Practicing Mindfulness

Let’s try it! Practice call-and-response with another person. See if you can sing a phrase of, “la-ti-da’s” that they can repeat, and vice-versa. If you interact with young children, practice serve-and-return.  This is the pattern of a child asking us for our attention and sharing what interests them. When a child “serves” this initiation, adults can prolong the period of shared attention with a “return.” Meaning, lending their own attention to the child.[5]

There are, perhaps, thousands of games and songs based on call-and-response and serve-and-return patterns. You probably know a few. If you don’t, try making clap or stomp patterns and see if someone can repeat them accurately. Then let them take a turn. Children are wonderfully inventive and can make a game out of anything.

When we try this in our therapy groups or in family therapy sessions, three important elements usually emerge:

  • Attending – children feel special when an adult is paying attention to them in a non-punitive, non-instructional manner. Adults feel special, too! Taking turns listening to someone’s beat or melody parallels the turn-taking and listening needed in all kinds of social situations.
  • Joining – doing the same thing at the same time creates a sense of belonging. Finding a shared beat or chant that you can sing or stomp as a refrain will help you and your rhythm partner feel connected. Camp songs such as “Down By the Bay, “My name is ___ and I’m here to say, I like ___ in a major way” use this technique. Some individuals and families find this to be natural and enjoyable, and some people need time to get used to this. However, all of us need it.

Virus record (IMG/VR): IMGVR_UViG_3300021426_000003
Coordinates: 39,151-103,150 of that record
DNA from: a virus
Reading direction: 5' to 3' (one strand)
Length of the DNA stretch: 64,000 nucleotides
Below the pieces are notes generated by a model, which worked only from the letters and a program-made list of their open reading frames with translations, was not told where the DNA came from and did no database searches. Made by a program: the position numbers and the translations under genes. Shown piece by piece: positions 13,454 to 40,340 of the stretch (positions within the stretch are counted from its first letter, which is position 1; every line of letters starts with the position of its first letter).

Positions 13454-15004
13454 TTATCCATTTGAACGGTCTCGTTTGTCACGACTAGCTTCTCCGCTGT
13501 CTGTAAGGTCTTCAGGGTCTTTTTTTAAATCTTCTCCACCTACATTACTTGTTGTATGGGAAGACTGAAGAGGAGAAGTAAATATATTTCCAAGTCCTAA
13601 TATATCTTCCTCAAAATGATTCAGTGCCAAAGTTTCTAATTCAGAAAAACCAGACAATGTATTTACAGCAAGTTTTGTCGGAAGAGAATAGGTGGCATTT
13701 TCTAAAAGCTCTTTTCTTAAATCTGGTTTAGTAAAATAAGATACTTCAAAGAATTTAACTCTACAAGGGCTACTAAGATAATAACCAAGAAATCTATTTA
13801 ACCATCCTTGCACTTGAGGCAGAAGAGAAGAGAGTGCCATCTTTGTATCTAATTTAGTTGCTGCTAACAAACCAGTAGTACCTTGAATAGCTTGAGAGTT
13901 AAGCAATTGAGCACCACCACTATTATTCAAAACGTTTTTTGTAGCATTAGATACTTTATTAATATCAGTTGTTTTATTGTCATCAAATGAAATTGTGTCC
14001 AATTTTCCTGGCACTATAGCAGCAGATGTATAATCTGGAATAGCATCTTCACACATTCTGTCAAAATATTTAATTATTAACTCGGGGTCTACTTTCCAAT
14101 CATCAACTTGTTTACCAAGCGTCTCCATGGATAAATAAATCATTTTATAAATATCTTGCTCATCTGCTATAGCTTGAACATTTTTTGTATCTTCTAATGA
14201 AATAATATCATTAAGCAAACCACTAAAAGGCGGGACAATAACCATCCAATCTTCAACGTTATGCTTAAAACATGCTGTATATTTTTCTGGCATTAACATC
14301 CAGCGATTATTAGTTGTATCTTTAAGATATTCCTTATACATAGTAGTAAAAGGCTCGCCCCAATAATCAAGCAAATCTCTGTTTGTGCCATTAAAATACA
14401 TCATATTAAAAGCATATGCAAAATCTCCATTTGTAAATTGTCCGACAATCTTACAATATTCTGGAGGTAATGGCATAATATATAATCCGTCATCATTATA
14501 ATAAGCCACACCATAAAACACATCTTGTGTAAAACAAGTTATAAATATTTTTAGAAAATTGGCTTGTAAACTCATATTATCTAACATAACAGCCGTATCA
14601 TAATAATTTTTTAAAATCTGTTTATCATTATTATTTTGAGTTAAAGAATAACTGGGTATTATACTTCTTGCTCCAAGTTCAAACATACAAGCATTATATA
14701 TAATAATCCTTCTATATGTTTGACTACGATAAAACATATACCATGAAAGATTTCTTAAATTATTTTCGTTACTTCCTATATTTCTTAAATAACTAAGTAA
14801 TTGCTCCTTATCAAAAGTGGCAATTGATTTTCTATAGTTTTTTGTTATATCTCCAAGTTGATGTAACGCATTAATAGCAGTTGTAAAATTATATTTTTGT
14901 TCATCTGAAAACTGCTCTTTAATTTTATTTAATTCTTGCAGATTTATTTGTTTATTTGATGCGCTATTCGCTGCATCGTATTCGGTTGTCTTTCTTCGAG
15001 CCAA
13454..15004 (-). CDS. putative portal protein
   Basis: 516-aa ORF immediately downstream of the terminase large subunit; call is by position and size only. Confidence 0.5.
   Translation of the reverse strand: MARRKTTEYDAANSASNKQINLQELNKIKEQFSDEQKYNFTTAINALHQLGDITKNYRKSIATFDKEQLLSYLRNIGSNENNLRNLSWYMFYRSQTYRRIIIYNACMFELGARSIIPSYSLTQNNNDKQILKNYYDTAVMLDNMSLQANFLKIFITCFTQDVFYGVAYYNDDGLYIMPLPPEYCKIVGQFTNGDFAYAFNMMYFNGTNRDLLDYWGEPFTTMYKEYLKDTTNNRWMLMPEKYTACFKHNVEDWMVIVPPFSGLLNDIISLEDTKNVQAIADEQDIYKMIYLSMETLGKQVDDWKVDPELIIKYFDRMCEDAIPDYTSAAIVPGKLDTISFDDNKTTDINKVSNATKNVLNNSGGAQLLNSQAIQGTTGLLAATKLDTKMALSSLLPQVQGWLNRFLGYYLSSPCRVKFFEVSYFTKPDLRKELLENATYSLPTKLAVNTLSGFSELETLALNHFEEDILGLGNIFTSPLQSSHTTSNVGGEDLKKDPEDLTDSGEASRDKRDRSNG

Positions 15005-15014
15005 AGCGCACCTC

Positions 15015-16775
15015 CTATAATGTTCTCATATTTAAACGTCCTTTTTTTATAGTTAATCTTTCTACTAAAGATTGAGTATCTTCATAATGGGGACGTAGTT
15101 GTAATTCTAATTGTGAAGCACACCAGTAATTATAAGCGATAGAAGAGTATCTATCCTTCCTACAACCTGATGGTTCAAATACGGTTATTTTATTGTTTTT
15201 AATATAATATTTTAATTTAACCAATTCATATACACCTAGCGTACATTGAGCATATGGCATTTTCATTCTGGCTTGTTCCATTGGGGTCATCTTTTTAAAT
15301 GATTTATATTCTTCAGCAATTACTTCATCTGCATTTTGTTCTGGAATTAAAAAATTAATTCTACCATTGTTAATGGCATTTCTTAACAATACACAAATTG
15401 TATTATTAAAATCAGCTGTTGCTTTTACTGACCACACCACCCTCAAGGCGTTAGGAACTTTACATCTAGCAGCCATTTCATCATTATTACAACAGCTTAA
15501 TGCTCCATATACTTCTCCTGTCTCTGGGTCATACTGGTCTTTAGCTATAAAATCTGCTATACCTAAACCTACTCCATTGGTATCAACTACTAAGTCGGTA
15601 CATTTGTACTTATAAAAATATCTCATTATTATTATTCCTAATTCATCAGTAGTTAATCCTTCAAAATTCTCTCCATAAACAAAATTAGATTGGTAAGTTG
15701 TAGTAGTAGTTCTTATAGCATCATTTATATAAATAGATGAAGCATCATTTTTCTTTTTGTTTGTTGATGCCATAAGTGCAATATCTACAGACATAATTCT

• Challenging – all of us want to achieve something, and most adults want their children to achieve things. Therefore, we challenge ourselves and others. Too much challenge can be overwhelming, but so is boredom. Finding the right amount of challenge requires a do-able but not frustrating task. Simple beats or melodies can become more challenging when you add speed. Quick, complex melodies can be slowed down, phrased in familiar words, or simplified into beats with no musical tone. Find the right kind of task for your rhythm partner, and then let him or her find ways to challenge you.